One particularly pervasive myth is that women who work outside the home are focused on money and status at the expense of their families (which is ridiculous, of course, since men are rarely accused of the same fault). I've even heard of women who have high-status careers being criticized for the type of work that they do--as if they should have planned to stay home and, when that didn't work out, they should have worked for minimum wage and kept their families in poverty to show that money didn't matter to them like proper charity cases would do.
The truth is that even women who don't work as waitresses have principles. Many teach, lead, govern, or help because that's what they feel called to do.
This article calls for more women in public service. In the career world, there seems to be some sort of unnecessary division. If you're smart and have an advanced degree, you'll head for Wall Street, medicine, or law. If you've got a good heart and want to make a difference in the world, you'll work at a non-profit for peanuts. But nonprofits need leadership and even high-ranking positions as much as the private sector does. I don't think the non-profit and for-profit words are as neatly divided as the perception.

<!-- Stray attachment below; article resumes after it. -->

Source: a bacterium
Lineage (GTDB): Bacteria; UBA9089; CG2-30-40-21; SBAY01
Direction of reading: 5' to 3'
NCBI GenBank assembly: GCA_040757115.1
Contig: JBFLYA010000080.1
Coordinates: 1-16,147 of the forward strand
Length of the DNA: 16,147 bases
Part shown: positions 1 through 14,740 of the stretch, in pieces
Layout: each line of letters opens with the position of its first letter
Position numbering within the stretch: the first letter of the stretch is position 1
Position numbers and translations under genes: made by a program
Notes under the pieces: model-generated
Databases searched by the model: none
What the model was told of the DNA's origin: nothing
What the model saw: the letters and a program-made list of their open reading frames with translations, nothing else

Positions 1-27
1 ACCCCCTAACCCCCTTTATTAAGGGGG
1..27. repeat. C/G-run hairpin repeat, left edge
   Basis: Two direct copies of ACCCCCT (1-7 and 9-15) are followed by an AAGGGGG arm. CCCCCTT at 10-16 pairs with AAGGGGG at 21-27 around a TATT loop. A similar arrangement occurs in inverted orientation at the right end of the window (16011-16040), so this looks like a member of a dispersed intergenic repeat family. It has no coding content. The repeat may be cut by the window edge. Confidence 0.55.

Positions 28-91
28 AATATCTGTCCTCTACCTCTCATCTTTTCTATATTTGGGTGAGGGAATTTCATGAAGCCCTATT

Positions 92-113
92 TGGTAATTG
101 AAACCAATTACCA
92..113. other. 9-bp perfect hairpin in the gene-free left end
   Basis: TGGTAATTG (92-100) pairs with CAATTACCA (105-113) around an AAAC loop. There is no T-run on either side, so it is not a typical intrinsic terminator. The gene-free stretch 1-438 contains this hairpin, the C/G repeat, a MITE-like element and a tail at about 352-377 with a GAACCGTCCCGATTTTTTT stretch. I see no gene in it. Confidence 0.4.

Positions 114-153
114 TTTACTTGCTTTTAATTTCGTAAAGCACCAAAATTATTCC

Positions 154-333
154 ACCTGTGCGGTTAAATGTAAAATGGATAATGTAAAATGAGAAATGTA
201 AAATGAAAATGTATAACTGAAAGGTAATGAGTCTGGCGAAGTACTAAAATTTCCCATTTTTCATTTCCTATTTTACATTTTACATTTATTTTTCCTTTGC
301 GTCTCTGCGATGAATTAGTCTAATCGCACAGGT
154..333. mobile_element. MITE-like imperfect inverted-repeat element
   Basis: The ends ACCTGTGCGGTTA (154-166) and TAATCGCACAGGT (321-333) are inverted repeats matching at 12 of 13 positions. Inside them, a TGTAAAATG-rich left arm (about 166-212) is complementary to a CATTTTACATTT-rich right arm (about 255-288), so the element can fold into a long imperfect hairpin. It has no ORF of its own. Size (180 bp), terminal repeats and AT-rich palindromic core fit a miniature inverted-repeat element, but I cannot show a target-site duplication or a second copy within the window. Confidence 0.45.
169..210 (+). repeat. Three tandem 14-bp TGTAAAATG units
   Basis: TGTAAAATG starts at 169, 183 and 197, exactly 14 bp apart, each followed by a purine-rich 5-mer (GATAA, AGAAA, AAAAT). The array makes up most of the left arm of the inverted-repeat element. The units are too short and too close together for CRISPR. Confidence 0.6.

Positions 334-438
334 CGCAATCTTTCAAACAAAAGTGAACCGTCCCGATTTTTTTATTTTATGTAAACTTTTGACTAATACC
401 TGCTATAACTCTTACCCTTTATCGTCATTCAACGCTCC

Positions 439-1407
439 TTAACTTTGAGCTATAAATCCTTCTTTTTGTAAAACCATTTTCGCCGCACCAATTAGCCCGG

Some of the old-fashioned career ladder ideals haven't died out yet (move up the ladder or die), but the line between doing good and making money is blurring. Many people move sideways or take a pay cut in order to perform a job they love--and they learn valuable skills while they're at it. Many people want to support their families and make the world better at the same time. Even in the corporate world, there is more pressure than ever before for companies to give back and to show a high level of corporate responsibility, whether that comes from customers, clients, or potential employees.
So if you have to/want to/feel called to work, don't listen to all the guilt inducers who think you're selfish. You don't always have to choose between giving and money. Your work might be doing some good in the world. And maybe your family can learn a thing or two about giving from you.